• Golden Globe Awards

Oral History: Harrison Ford on “The Mosquito Coast”

When Harrison Ford met with HFPA journalists in 1986, he spoke about his character in The Mosquito Coast, directed by Peter Weir from the 1981 novel by Paul Theroux.
“The film is fairly faithful to the spirit, to the intention of the book by Paul Theroux, the material that it came from, that was the genesis. I don’t see any problem in playing a character that’s less than sympathetic and I knew that it would be a controversial film.”
“Peter and I were both aware of the possible difficulty of the audience’s understanding what our attitude was about America, so in the original screenplay by Paul Schrader, there was no scene where Allie Fox tells the story of his mother’s death. It was one of my suggestions that we included that dramatic story from the book to show the audience that Allie Fox does love America. “
“If you have a newspaper handy, I can point out to you, from Ivan Boesky to the secret war in the White House and all the way down the line, that it’s our right and responsibility to criticize America. But also, it’s a matter of degree. This is a character who’s operatic in tone and so his criticisms are as exaggerated, overblown, but we all would hope for a more perfected America, which is not Ronald Reagan’s America.”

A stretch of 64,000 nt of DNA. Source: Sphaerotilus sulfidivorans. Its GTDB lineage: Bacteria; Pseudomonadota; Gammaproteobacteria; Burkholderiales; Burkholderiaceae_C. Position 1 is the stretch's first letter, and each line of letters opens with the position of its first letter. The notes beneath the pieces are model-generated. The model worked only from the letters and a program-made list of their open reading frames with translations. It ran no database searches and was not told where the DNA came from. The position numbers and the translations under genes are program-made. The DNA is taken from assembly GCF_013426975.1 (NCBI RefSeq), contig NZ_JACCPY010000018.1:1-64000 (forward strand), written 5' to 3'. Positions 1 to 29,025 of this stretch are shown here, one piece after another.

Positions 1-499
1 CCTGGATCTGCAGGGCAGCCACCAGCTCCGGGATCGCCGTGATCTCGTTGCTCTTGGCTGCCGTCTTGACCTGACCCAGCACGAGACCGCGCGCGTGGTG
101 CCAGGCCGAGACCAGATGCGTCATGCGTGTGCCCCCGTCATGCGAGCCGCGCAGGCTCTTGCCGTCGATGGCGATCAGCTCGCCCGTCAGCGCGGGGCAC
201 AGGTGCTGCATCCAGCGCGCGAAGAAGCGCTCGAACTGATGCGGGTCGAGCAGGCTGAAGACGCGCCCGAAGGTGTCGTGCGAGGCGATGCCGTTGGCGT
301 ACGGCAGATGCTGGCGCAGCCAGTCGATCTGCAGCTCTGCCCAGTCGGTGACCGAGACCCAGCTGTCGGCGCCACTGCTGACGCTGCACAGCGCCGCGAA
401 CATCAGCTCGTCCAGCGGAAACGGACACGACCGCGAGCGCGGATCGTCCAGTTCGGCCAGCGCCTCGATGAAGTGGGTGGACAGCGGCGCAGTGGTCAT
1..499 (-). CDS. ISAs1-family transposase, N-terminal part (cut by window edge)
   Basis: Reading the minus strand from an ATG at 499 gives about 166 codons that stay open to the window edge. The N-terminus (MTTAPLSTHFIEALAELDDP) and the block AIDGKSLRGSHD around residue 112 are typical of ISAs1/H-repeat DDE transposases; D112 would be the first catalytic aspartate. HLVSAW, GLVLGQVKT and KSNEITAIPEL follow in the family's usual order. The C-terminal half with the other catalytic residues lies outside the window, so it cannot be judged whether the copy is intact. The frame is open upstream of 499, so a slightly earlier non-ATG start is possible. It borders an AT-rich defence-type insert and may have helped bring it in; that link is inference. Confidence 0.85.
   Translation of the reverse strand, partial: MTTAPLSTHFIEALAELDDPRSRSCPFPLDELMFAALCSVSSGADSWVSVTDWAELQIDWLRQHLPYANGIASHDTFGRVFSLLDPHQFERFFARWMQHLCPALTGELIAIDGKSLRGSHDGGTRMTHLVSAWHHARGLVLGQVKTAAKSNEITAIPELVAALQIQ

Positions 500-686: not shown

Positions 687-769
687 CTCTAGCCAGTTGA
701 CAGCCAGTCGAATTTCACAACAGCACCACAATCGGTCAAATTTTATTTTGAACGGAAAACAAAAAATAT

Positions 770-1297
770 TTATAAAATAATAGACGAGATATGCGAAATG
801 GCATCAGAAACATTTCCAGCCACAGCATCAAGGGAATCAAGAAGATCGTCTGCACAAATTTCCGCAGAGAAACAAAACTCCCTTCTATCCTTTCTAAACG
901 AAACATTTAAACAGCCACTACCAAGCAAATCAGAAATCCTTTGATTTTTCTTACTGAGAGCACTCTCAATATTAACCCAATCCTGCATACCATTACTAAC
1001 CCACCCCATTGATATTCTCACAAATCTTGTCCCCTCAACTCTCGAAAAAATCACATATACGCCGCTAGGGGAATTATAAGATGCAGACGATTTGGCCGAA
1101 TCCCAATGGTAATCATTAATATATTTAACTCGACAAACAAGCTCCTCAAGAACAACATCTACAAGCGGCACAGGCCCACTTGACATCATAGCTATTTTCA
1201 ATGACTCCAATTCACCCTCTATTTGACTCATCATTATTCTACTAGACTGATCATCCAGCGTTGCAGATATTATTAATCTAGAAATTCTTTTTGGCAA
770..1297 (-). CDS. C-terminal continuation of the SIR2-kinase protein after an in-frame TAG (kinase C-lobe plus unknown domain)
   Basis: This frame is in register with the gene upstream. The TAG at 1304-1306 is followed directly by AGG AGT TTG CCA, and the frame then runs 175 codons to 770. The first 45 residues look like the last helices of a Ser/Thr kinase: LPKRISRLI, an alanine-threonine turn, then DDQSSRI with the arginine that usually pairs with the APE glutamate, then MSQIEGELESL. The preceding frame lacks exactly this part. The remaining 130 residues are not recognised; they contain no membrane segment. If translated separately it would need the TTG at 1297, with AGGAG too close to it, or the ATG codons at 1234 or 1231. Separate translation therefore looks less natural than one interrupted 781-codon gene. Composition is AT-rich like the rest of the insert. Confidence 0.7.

“There’s a great independence of spirit in the American people and some will see Allie Fox as a fool, while others will see him as a sympathetic person. I expected that, I never wanted anybody to be comfortable with him. I was not expecting this character to be embraced as a prophet for the new America.”
“I would hope that the effect of the film itself, however, would be strong enough so that you would be interested in his circumstances and how he affected other people. The film does not insist that you find him attractive and right.”
“Certainly, there have been many questions about the relationship between Allie Fox and his wife and I’ve been surprised by them, frankly, because this film is not meant to represent a vision of the perfect world. In this particular case, it’s not a disproof of feminist theory that this woman reacts as she does to this man. She clearly loves him and that’s their relationship.”
“As for my philosophy of life, I guess that, if you can get through life with a degree of happiness, some work to do, a few important relationships, and not hurt anybody else, that would be my ideal. I can tell you sincerely that I’m very delighted with the way my life is working right now. I wouldn’t change a thing, to tell you the truth, except my nose maybe…”